Civil Rights Commission: Hearings, Eighty-eighth Congress, First Session, on S. 1117 and S. 1219, May 21-23, June 5-6 and 12, 1963
U.S. Government Printing Office, 1963 - 467 páginas
O que estão dizendo - Escrever uma resenha
Não encontramos nenhuma resenha nos lugares comuns.
Outras edições - Visualizar todos
action administration agency amendment American areas assistance Attorney authority basis believe bill Board Chairman cities citizens Civil Rights Commission colored Commission on Civil Commission's Committee concerned Congress Constitution continue COOKE course Court CREECH denied Department discrimination District Division effect employment enforcement equal established executive existence extended fact Federal Government feel field functions funds give given going grants groups hearings housing important individual institutions issue Justice legislation loan matter ment Michigan Mississippi necessary Negro officers operation opinion opportunity permanent person practices present President problems proceedings programs proposal protection question race racial reason recommendation relations respect responsibility rules segregation Senator ERVIN serve South Stat statement statute subcommittee thing tion United violation vote witnesses
Página 433 - We conclude that in the field of public education the doctrine of "separate but equal" has no place. Separate educational facilities are inherently unequal.
Página 431 - We must consider public education in the light of its full development and its present place in American life throughout the Nation. Only in this way can it be determined if segregation in public schools deprives these plaintiffs of the equal protection of the laws. Today, education is perhaps the most important function of state and local governments.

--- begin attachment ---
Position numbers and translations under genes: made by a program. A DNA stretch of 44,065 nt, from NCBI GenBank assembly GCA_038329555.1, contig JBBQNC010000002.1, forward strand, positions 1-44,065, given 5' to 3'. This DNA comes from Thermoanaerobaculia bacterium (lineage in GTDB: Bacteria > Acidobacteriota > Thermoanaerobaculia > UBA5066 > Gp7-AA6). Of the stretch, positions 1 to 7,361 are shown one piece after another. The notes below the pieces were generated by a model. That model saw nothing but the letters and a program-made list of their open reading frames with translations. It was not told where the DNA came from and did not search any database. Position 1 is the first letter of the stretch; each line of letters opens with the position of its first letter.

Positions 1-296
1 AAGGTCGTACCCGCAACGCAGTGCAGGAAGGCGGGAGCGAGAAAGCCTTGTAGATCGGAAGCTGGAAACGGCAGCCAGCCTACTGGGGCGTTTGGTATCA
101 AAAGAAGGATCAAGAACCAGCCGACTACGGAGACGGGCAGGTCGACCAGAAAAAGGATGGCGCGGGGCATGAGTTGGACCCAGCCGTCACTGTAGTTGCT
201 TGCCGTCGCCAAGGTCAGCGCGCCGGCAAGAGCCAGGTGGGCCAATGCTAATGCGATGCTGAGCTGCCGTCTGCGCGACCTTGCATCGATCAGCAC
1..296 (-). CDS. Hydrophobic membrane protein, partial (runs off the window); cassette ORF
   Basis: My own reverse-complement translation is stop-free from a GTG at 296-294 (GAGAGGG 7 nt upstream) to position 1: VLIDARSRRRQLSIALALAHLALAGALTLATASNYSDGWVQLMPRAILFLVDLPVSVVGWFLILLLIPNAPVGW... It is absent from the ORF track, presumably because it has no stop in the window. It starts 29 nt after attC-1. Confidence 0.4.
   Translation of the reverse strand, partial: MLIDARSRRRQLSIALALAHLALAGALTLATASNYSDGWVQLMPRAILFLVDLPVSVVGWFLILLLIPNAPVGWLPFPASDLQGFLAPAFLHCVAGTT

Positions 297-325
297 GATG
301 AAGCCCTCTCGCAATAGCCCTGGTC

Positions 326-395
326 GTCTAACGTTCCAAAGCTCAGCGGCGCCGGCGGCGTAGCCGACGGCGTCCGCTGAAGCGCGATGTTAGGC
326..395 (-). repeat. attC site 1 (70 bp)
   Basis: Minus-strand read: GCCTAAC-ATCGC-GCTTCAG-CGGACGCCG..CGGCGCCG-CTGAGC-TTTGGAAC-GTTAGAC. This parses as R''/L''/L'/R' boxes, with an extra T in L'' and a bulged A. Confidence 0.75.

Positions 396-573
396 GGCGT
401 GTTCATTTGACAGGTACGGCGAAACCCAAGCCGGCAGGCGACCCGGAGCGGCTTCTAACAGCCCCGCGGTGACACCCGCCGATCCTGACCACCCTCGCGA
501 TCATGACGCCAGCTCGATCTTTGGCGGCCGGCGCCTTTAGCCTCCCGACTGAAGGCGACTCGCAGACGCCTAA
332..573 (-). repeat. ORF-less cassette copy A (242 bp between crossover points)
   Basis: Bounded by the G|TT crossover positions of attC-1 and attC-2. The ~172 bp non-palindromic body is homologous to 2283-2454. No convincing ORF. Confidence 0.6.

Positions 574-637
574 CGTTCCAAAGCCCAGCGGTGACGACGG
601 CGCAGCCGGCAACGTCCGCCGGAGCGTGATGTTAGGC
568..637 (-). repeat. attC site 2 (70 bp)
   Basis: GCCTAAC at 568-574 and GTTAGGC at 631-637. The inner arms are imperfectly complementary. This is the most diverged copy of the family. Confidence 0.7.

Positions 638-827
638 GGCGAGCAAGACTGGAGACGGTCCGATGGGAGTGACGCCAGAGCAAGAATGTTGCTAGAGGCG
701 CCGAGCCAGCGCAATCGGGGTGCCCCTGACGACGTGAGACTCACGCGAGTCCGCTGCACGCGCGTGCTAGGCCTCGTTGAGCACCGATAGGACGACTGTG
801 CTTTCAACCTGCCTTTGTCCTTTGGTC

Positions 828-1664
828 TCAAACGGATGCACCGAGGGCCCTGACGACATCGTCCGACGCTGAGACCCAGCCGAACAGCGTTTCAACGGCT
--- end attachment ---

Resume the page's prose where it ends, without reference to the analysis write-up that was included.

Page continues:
Página 449 - The words of the amendment, it is true, are prohibitory, but they contain a necessary implication of a positive immunity, or right, most valuable to the colored race, — the right to exemption from unfriendly legislation against them distinctively as colored,— exemption from legal discriminations, implying inferiority in civil society, lessening the security of their enjoyment of the rights which others enjoy, and discriminations which are steps towards reducing them to the condition of a subject...
Página 433 - Because these are class actions, because of the wide applicability of this decision, and because of the great variety of local conditions, the formulation of decrees in these cases presents problems of considerable complexity.
Página 208 - If two or more persons conspire to injure, oppress, threaten, or intimidate any citizen in the free exercise or enjoyment of any right or privilege secured to him by the Constitution or laws of the United States, or because of his having so exercised the same, or if two or more persons go in disguise on the highway, or on the premises of another...
Página 430 - ... separate but equal" doctrine in the field of public education. In Gumming v. County Board of Education, 175 US 528, and Gong Lum v. Rice, 275 US 78, the validity of the doctrine itself was not challenged. In more recent cases, all on the graduate school level, inequality was found in that specific benefits enjoyed by white students were denied to Negro students of the same educational qualifications.
Página 122 - Whoever, under color of any law, statute, ordinance, regulation, or custom, willfully subjects, or causes to be subjected, any inhabitant of any State, Territory, or District to the deprivation of any rights, privileges, or immunities secured or protected by the Constitution and laws of the United States...
Página 421 - In these days, it is doubtful that any child may reasonably be expected to succeed in life if he is denied the opportunity of an education. Such an opportunity, where the state has undertaken to provide it, is a right which must be made available to all on equal terms. We come then to the question presented: Does segregation of children in public schools solely on the basis of race, even though the physical facilities and other "tangible" factors may be equal, deprive the children of the minority...